51. Network of associations in the consumer’s mind (Lory & McCalman, 2002: 422; after Landor, Fitch, Wolff Olins and PWC)
  52. Collection of tangible and intangible assets that taken together form a perception in the minds of consumers (Lory & McCalman, 2002: 423; after Interbrand)
  53. Amalgam of values (Lory & McCalman, 2002: 423)
  54. Icon of a culture (Mark & Pearson, 2001: 1)
  55. Network of associations with an object – associations with a product, a service, an enterprise, a human, a political party, etc. (Maathuis, Rodenburg & Sikkel, 2004: 333; after Aker & Davis, 2000; Keller, 2000).
  56. Synergetic sum of perceptions and associations arrived through the experience of benefits, and receipt of communications (McWilliam & Dumas, 1997: 267)
  57. Marketing identities for products (Meyer, 2015: 4)
  58. Anything that sets a seller apart from other sellers of the same product (Meyer, 2015: 4)
  59. From the Norse word brandr, meaning ‘fire’. This referred to the practice of burning a symbol onto a product to mark it (Meyer, 2015: 7)
  60. Marking cattle with a hot iron  so that each farmer knows which cows belong to whom (Meyer, 2015: 7)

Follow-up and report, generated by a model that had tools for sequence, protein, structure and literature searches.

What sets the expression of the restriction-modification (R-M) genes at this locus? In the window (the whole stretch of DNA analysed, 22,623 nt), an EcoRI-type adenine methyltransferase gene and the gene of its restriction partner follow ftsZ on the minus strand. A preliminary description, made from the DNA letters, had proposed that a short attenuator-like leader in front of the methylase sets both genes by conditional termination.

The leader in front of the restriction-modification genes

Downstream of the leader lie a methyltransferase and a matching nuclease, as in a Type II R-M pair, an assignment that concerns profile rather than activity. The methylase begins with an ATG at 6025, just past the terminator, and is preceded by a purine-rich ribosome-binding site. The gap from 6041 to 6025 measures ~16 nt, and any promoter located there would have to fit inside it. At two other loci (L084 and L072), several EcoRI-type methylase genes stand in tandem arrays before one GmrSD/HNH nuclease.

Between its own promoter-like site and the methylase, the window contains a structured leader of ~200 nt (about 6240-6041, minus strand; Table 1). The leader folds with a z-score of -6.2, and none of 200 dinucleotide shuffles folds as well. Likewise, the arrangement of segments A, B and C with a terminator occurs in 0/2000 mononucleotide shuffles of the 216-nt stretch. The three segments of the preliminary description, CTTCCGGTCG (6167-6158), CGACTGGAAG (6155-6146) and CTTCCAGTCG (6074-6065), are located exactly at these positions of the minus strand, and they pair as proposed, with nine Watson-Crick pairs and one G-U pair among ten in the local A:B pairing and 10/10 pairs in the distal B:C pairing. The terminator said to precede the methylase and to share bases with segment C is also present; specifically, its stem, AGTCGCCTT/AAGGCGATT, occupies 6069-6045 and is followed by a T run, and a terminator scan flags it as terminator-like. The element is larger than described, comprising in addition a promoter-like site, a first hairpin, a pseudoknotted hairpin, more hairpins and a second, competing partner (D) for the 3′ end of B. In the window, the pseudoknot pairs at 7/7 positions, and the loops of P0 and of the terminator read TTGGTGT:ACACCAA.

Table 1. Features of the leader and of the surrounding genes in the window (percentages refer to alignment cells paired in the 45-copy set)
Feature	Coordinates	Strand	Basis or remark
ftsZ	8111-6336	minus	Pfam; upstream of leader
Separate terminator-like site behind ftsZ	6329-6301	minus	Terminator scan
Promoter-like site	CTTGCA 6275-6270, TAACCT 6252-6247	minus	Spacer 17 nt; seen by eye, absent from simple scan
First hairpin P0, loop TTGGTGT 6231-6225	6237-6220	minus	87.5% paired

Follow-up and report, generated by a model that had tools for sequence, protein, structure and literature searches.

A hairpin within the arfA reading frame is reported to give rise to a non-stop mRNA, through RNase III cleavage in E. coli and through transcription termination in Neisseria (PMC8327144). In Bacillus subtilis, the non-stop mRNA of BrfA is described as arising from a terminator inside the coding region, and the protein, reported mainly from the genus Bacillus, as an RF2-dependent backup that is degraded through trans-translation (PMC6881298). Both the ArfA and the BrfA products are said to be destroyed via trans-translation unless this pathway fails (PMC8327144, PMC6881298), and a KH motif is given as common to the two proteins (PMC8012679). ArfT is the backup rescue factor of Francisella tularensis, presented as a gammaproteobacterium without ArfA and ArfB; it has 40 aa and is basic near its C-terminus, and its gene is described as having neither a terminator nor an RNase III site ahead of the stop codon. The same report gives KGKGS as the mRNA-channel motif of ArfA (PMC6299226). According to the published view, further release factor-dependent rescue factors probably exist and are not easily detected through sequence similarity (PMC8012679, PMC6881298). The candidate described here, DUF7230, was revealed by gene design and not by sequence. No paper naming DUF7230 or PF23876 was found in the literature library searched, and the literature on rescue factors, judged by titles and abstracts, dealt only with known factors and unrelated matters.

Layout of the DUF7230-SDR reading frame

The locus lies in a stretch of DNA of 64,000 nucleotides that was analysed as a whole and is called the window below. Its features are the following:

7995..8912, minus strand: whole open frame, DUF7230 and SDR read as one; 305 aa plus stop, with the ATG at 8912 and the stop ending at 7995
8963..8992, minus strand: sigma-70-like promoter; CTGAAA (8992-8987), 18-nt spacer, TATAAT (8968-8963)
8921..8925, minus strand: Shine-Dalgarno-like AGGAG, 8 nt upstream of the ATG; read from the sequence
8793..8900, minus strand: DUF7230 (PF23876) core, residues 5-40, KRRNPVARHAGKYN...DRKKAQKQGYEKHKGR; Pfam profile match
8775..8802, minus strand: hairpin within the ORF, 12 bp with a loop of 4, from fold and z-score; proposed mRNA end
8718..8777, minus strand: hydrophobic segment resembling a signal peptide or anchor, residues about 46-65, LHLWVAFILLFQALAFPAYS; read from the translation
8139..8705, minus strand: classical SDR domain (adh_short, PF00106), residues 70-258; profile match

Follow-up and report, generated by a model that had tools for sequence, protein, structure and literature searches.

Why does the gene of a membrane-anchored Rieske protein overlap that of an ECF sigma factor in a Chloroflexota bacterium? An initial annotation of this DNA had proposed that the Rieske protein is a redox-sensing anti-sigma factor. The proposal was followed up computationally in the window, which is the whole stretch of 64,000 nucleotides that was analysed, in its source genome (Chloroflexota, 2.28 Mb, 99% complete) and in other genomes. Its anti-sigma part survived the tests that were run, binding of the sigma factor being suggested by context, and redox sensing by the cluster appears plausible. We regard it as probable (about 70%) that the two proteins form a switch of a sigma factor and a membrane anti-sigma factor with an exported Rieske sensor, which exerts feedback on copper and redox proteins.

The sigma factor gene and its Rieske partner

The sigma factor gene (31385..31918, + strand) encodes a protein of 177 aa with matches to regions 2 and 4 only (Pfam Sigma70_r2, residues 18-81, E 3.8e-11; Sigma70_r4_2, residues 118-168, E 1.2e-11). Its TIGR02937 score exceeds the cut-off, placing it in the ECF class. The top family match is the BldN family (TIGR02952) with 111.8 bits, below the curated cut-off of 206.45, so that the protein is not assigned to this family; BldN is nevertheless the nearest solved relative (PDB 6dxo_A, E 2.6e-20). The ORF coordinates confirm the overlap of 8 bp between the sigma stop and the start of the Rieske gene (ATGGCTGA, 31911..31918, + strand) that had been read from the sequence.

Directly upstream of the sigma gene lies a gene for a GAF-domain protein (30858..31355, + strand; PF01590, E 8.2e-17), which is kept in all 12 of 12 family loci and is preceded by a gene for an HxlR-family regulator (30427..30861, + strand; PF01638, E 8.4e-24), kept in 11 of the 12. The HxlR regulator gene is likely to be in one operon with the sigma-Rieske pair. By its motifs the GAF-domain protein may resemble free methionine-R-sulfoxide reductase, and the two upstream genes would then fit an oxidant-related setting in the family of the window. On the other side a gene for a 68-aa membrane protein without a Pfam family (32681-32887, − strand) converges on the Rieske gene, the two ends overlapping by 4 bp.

61. Separating ownership of a product by some sort of symbol (Meyer, 2015: 7)
  62. Unique identity of a company or a person (Meyer, 2015: 39)
  63. Sum total of relationships among stakeholders (Meyers in Ind, 2003: 23)
  64. Medium through which stakeholders interact and exchange with each other (Meyers in Ind, 2003: 23)
  65. Association of a sound/image (the name ‘American Express’, the image of the Green Gard) with an idea of expectation or experience (perceived values, a service promise and usage satisfaction) (Meyers in Ind, 2003: 23)
  66. Stakeholder-led relationship system governed by freedom of choice (Meyers in Ind, 2003: 25)
  67. Person’s gut feeling about a product, service, or company (Neumeier, 2003: 2)
  68. Platonic ideal – a concept shared by society to identify a specific class of things (Neumeier, 2003: 3)
  69. Cult object … it has charisma (Randall, 1997: 3; after Judie Lannon)
  70. The breadth (how many) and the strength (how strong) of the brand’s links to relevant cues (Romaniuk & Sharp, 2016: 70)
  71. Name, term, design, symbol, or any other feature that identifies one seller’s good or service as distinct from those of others (Rowles, 2014: 7; after American Marketing Dictionary, 2013)
  72. Derived from the Old Norse word brandr, meaning ‘to burn’, and was used in reference to marking cattle by burning the owner’s brand onto them (Rowles, 2014: 7)